Don't come to work high on any substance period! Then you won't have to worry about losing your job/career.

Do that on your own time, not the patients time.

There was nothing posted that Jon wasn't in his right state of mine. Your whole "even though Jon seemed fine that day, what if one day he isn't." So much wrong to that. You don't go accuse people of being impaired at work and risk them losing their hard earned license because of a "What if someday" You report if something actually happens. If he is actually impaired. Not "what if".

Do me a favor, do your pre reqs, get into nursing school, actually start school and get through nursing school, pass your boards, land your first job, get through being a new grad. Work hard for your license, and than come talk to me about accusations and and reporting off of a "What if" when NO signs of impairment happened.

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78 Posts; 1,079 Profile Views

There was nothing posted that Jon wasn't in his right state of mine. Your whole "even though Jon seemed fine that day, what if one day he isn't." So much wrong to that. You don't go accuse people of being impaired at work and risk them losing their hard earned license because of a "What if someday" You report if something actually happens. If he is actually impaired. Not "what if".

Do me a favor, do your pre reqs, get into nursing school, actually start school and get through nursing school, pass your boards, land your first job, get through being a new grad. Work hard for your license, and than come talk to me about accusations and and reporting off of a "What if" when NO signs of impairment happened.

I was replying to a nurse who made it seem like when something like this happens, They just cover it up among themselves "...., you do NOT make accusations like this...not unless they're falling down drunk and slurring their words. And even then you may say something like "I don't think Jon is feeling very well. Can we get some help?". You don't have to bring up drugs or alcohol at all...that's your manager's call. You will learn once you're a nurse how tightly knit the nursing community is in a particular area."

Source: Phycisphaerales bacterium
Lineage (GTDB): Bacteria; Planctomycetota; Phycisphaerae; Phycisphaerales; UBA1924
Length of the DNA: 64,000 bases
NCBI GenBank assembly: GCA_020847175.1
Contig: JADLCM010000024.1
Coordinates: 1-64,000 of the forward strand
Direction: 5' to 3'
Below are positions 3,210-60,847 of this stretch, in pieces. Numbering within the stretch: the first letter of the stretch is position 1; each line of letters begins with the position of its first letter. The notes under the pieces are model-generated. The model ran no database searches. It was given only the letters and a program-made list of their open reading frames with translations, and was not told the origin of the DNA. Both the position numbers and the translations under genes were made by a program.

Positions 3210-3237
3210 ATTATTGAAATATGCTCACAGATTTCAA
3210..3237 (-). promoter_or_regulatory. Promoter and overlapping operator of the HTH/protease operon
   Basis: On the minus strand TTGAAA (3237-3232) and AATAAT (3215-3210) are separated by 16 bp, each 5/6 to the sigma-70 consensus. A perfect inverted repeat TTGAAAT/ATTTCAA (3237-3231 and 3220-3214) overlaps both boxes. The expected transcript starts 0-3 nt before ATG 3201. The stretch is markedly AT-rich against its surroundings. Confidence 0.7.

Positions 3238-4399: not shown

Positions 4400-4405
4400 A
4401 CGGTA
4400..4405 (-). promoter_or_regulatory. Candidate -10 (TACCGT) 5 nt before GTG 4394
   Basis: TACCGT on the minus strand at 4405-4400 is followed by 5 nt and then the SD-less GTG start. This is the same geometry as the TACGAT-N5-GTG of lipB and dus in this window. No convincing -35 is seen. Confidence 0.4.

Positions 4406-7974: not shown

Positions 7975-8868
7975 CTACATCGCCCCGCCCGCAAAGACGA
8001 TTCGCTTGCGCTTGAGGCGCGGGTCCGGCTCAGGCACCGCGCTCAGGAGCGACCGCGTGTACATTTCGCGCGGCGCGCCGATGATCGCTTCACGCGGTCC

I never said that he was in fact HIGH. I said even though "Jon" seemed fine that day, what happens when he isn't. Or anyone else for that matter.

I love the nursing career and what we can do to help someone. Let's hope that none of us have to ever experience a situation like that.

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pixierose is a BSN, RN and specializes in Neuro-ICU, psych.

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That's horrible. So pretty much everyone covers for each other when they are not in the right state of mind? Even though "Jon" seemed fine that day, what about the day he isn't? Then what?

Don't come to work high on any substance period! Then you won't have to worry about losing your job/career.

Do that on your own time, not the patients time.

Please refer back to Ixchel's post a few pages back to see what can happen to a damn fine nurse who is falsely accused.

I have a few choice words, but I'll leave it at that. I won't even mention that you're not a nurse, as many who have posted are also not nurses but have common sense and tremendous insight, something you lack.

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HermioneG has 1 years experience as a BSN, RN and specializes in Emergency Nursing.

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WOW! I cannot believe how all of you are responding to this. I'm not even in nursing school yet and I believe she did the right thing. I would think that as a nurse, patient care and safety is the number one priority. If I had suspicion that someone on my shift was under the influence of drugs or alcohol, you better believe I will say something. They may be able to handle it one day but what about that one day they don't and something horrible happens? They give the wrong medication to a patient or the wrong dose, what if the patient dies under their watch? I for sure don't want to say to myself at that point, "I should have said something"

If management did not want to pursue an investigation on "jon" at that time, then anything that happens from that point would be on them. Not me, I did my part. I would not continue to try and find out more on his "extracurricular activities" and just go about my shift.